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Recognizing Developmental Delays in Your Child: Ages 3 to 5


Cognitive Delays in Children

Problems with thinking and cognitive skills may occur due to genetic defects, environmental factors, disease, prematurity, nervous system abnormalities, oxygen deprivation during childbirth, and even accidents. 

Possible causes. Common causes of cognitive delays include:

  • A poor learning environment
  • Institutionalization or neglect during infancy or early childhood
  • A wide range of learning disabilities
  • Exposure to alcohol or toxins during pregnancy
  • One of the pervasive developmental disorders (PDDs), such as autism

Types of treatment. As with most types of delays, early intervention for cognitive delays can make a big difference in the progress your child makes. Depending upon the diagnosis, treatment may include:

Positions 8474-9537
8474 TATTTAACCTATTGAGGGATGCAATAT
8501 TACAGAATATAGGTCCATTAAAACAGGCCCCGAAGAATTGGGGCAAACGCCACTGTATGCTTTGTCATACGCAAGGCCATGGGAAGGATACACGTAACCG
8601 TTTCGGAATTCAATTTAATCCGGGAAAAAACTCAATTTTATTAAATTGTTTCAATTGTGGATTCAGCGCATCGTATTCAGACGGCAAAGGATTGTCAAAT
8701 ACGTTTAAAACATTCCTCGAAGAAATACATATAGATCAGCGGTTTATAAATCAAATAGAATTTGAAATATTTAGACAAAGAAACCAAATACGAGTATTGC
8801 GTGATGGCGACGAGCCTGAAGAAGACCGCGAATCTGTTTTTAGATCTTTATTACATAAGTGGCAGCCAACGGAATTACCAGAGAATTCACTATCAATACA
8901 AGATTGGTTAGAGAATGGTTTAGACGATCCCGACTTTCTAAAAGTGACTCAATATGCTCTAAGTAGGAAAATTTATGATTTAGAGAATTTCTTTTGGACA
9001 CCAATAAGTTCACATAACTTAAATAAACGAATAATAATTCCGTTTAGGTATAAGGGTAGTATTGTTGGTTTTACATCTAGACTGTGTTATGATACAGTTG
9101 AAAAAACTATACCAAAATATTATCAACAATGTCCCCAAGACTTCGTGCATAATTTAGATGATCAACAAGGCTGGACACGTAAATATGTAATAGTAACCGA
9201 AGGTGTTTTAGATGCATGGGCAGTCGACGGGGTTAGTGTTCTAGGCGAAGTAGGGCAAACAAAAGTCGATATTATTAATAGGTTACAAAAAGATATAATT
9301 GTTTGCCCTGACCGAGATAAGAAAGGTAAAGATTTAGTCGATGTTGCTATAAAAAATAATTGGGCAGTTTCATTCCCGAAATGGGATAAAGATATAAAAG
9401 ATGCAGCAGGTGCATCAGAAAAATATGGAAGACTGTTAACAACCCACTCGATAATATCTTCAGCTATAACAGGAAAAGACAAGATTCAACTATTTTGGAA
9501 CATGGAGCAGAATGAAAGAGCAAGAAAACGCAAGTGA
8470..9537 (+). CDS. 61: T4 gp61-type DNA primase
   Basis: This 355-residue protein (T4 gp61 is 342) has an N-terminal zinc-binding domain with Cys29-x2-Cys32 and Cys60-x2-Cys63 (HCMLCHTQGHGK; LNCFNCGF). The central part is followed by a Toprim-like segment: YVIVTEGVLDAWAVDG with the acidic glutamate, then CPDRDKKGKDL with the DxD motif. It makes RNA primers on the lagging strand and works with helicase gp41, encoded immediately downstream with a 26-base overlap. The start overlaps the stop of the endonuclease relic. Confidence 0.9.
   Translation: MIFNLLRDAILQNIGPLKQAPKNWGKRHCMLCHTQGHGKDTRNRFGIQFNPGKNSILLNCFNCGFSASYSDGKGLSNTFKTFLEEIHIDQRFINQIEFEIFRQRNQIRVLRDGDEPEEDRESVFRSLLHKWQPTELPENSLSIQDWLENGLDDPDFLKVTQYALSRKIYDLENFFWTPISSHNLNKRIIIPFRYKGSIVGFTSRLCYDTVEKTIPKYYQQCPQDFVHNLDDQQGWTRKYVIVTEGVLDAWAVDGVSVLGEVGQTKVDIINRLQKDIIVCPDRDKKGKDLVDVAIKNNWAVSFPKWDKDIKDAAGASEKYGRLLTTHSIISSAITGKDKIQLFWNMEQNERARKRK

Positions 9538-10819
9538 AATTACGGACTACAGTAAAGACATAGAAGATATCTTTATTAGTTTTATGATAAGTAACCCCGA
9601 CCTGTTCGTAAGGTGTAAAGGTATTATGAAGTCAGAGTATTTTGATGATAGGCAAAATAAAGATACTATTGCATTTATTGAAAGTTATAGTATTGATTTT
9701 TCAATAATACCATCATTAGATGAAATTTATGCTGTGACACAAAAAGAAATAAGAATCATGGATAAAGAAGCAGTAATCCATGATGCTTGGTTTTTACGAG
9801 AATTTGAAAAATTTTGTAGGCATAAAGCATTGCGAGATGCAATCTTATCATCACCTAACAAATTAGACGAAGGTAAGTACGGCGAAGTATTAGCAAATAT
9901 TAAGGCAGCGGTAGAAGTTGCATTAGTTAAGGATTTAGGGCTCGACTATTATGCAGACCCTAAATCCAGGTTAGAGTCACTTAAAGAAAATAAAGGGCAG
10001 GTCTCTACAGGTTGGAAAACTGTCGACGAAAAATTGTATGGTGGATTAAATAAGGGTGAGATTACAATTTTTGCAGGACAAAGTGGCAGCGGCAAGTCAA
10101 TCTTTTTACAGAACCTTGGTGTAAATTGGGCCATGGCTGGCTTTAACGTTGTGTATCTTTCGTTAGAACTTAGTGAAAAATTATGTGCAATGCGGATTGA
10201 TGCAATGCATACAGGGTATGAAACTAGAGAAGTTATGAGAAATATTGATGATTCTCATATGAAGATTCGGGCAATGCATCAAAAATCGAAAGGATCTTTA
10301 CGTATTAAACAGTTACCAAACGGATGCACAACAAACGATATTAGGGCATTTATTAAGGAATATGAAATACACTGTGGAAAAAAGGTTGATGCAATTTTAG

• Medication in rare cases
  • Play therapy or occupational therapy
  • Special education

Warning signs of cognitive delays

Contact your child's doctor if your child has any of these signs of cognitive delays at these ages.

By 3 years, your child

  • Has trouble copying a circle
  • Cannot understand simple instructions
  • Does not become involved in "pretend" or "make-believe" play
  • Shows limited interest in toys

By 4 years, your child

  • Shows no interest in interactive games
  • Doesn't become involved in fantasy play
  • Cannot copy a circle

By 5 years, your child

  • Is easily distracted
  • Is unable to concentrate on a single activity for more than five minutes

There is a wide range of what is considered normal development in children. Most developmental delays in children are not serious, and most children can eventually catch up. Even children who do have serious delays can make big improvements when treatment begins as early as possible.


WebMD Medical Reference

Reviewed by Charlene H. Beard, MD on February 06, 2012
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